Yesterday I finished watching Season 7 of The Shield. I watched the show from the beginning, back when I was in Australia and watched it online as the seasons progressed. But yesterday I finished watching the final season on DVD for the first time, to really mixed emotions.
For those unfamiliar with the show, it tells the story of Vic Mackey and his strike team, a bunch of corrupt cops in the fictional Farmington district of Los Angeles. Mackey was a thug and a murderer, but also a highly intelligent and charismatic operator who closed cases that others could not.
While the show was always dark, in the last few seasons, especially the final one, it was almost entirely bleak. The frenetic action never really slowed down, but it was clear that in many ways there was no point. Mackey and his guys had lost their souls long ago. Without ruining anything for those of you who may watch it some day, they all reap what they have sown.
The show had a lot to say, but it usually didn’t come right out and say it. It usually followed the maxim of “show, don’t tell”, to demonstrate what policework can do to people, the way people can give in to temptation – or not, the futility of the war on drugs. And it showed a little something about the human condition. For the first four seasons we could cheer on the cops, both good and bad, as they tried to close cases by whatever means they could.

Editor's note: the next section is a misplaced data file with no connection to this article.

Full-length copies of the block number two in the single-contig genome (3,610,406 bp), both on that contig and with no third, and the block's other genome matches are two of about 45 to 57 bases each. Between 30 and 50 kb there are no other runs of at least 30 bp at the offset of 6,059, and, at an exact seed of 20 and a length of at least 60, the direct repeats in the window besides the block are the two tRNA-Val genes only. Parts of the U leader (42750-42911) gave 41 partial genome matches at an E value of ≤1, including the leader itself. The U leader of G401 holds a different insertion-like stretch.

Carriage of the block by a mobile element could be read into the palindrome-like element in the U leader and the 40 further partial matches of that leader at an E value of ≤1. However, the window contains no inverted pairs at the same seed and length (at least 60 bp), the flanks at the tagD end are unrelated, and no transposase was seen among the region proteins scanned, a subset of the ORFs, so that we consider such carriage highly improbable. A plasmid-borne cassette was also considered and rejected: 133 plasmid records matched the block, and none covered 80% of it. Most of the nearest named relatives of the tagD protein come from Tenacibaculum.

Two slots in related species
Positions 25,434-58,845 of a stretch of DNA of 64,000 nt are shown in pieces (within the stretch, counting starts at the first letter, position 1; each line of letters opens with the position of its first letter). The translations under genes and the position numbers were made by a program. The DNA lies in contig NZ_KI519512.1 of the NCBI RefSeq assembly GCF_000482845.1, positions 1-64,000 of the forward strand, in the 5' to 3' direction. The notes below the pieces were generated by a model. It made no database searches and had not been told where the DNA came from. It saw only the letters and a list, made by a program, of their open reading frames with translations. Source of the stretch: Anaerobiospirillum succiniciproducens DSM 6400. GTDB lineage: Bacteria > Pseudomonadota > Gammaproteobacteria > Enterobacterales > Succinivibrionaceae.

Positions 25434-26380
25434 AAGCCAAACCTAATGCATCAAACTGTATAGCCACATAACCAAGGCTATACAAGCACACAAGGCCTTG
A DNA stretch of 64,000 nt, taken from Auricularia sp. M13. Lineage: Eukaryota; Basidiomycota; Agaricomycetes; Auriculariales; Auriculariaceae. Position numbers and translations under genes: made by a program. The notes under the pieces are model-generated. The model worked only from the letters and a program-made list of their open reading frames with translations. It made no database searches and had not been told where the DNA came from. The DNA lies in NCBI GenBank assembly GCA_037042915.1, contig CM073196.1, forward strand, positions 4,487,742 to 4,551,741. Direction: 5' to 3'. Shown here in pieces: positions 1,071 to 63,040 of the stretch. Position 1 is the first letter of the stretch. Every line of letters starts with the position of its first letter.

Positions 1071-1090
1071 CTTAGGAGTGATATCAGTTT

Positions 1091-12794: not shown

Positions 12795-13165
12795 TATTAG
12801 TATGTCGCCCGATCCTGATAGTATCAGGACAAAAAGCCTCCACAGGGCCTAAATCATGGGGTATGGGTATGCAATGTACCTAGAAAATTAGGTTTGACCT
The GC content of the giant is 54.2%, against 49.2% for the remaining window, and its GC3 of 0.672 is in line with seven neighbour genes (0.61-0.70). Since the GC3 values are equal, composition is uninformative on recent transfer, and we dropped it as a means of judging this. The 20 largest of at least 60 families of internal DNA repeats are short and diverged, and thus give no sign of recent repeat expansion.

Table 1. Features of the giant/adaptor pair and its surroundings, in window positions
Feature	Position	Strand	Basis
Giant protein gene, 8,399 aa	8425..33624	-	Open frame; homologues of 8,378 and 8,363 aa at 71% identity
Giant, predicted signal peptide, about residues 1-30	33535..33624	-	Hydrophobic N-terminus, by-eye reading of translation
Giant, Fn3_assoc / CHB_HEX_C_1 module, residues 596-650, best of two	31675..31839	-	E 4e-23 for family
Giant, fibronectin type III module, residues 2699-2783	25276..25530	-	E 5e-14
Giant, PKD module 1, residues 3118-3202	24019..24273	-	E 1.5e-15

But it wasn’t until the fifth season, when an Internal Affairs investigation started, that those methods were used on the characters we had come to know and care for over the previous years. The pressure, lies, threats, and intimidation were now used on the characters we knew and cared about, not on a random suspect-of-the-week. And they looked a lot less clever and a lot more brutal now that we knew those who were being subjected to them.
The writers behind the show did an amazing job of making us care, and they just got better as the years went on. The show became less enjoyable, but not less compelling. The acting was often top-notch as well, and some of Michael Chiklis’ most impressive moments as Vic Mackey were in the last season. Many of them were completely silent, as he was forced to confront what he was, what he had done.
This is the second time I’ve watched the series, and I don’t think I will watch it again for many years. But I’m glad I spent the time I did with Vic, Shane, Lem, Ronnie, Danny, Julian, Dutch, Claudette, Tina, Steve, David, and the countless other characters that made the world of Farmington a very real one.